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JRC and EASAC sign agreement for closer cooperation - Joint report on safety aspects of nanomaterials published
18 October 2011
European Commission, Joint Research Centre (JRC)
The Joint Research Centre (JRC) and the European Academies Science Advisory Council (EASAC) have signed an agreement towards closer cooperation, in the name of the common goal to support policy making through independent scientific research.
Dominique Ristori, Director-General of the JRC, said: "We see the increased cooperation between the JRC and EASAC as very promising, because it will serve the mutual interest of the European Union and its Member States in coordinating their science and technological development activities. Achieving consistency between European and national policies is a fundamental step in the path towards the European Union's 2020 targets."
Sir Brian Heap, President of the European Academies Science Advisory Council, said:
We are very pleased to be taking a step forward in the cooperation with the JRC. Today, EASAC already provides the European Commission with advice and expertise of outstanding scientists of the national science academies of Europe. A closer collaboration will mean that we will be able to address shared interests to ensure that science can inform policy-making, of which the report we are presenting today is a worthy example."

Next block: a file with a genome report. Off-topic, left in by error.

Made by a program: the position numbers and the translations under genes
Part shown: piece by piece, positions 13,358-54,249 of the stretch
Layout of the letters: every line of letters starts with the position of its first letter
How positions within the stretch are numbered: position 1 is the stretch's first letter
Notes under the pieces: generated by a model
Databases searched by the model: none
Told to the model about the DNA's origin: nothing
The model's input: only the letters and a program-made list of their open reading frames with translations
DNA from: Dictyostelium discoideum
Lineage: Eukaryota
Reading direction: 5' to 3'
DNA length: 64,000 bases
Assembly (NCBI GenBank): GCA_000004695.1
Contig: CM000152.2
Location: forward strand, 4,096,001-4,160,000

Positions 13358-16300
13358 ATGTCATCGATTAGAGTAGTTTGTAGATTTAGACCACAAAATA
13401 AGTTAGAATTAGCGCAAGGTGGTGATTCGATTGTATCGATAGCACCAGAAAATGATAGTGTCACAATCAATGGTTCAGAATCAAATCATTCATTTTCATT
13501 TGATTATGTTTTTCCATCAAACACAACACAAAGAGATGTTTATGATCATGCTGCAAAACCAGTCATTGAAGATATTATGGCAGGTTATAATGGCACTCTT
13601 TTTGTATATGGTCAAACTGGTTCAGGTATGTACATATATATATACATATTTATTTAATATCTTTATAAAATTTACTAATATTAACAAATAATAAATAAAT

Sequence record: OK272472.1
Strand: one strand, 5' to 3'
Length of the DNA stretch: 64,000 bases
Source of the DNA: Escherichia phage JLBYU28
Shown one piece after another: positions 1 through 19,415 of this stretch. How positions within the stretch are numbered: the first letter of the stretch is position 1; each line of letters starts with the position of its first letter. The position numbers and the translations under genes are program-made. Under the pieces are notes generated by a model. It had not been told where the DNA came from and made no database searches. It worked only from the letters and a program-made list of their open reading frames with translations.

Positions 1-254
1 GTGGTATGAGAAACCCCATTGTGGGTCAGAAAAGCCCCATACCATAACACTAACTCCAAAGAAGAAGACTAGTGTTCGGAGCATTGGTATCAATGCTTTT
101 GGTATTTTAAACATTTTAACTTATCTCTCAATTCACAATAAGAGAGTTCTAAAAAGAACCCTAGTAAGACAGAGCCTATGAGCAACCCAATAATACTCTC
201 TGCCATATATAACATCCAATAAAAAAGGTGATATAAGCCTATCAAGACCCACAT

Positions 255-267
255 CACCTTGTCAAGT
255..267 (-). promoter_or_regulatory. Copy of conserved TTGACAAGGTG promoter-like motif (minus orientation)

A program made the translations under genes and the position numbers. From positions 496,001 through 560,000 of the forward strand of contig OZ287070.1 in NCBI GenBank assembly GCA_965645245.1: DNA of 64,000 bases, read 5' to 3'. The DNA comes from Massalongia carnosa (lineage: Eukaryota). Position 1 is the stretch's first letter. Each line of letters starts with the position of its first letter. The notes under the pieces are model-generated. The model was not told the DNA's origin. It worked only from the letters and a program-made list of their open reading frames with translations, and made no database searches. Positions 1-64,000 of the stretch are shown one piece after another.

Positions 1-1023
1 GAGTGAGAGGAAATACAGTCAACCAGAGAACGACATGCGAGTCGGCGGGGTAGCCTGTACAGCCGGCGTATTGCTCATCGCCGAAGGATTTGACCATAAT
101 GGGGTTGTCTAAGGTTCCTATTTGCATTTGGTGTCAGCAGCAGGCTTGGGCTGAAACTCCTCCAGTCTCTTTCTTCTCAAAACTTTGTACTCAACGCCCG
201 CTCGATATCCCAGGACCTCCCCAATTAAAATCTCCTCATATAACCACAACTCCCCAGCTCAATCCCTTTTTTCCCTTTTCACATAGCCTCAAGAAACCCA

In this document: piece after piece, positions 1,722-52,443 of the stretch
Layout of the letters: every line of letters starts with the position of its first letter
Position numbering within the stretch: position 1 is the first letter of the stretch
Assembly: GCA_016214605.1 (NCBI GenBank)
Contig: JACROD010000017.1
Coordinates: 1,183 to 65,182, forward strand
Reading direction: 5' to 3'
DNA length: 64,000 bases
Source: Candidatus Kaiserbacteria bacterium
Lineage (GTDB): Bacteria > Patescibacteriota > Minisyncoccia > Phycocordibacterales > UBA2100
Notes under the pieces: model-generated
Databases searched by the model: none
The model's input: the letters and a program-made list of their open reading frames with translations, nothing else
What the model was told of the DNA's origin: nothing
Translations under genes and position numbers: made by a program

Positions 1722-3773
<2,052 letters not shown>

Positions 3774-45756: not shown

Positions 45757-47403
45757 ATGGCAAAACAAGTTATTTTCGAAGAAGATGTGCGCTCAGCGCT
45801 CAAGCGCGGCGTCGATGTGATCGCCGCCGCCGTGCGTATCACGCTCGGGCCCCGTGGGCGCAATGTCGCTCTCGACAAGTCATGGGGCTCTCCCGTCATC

The two organizations also presented the result of their first strategic liaison: a report on the state-of-the-art knowledge on safety aspects of engineered nanomaterials. The report "Impact of engineered nanomaterials on health: considerations for benefit-risk assessment" was compiled by a group of 13 experts from both EASAC and JRC. The report coincides with today's adoption by the European Commission of a recommendation on a new common definition of nanomaterials, based on scientific advice from the Scientific Committee on Emerging and Newly Identified Health Risks (SCENIHR) and the JRC.
The report deals with a field - nanomaterials - which has the potential to play a major role in European innovation, economic growth and industrial competitiveness. The document highlights the need for a harmonised scientific and regulatory framework addressing potential health and environment impacts of nanomaterials. The authors acknowledge that the development of new generations of nanomaterials will require an even stronger interdisciplinary collaboration between scientists.
This joint initiative of EASAC and the JRC contributes to the collective Europe 2020 targets and supports integrated efforts for nanotechnology innovation, as well as public debate on the future of nanomaterials.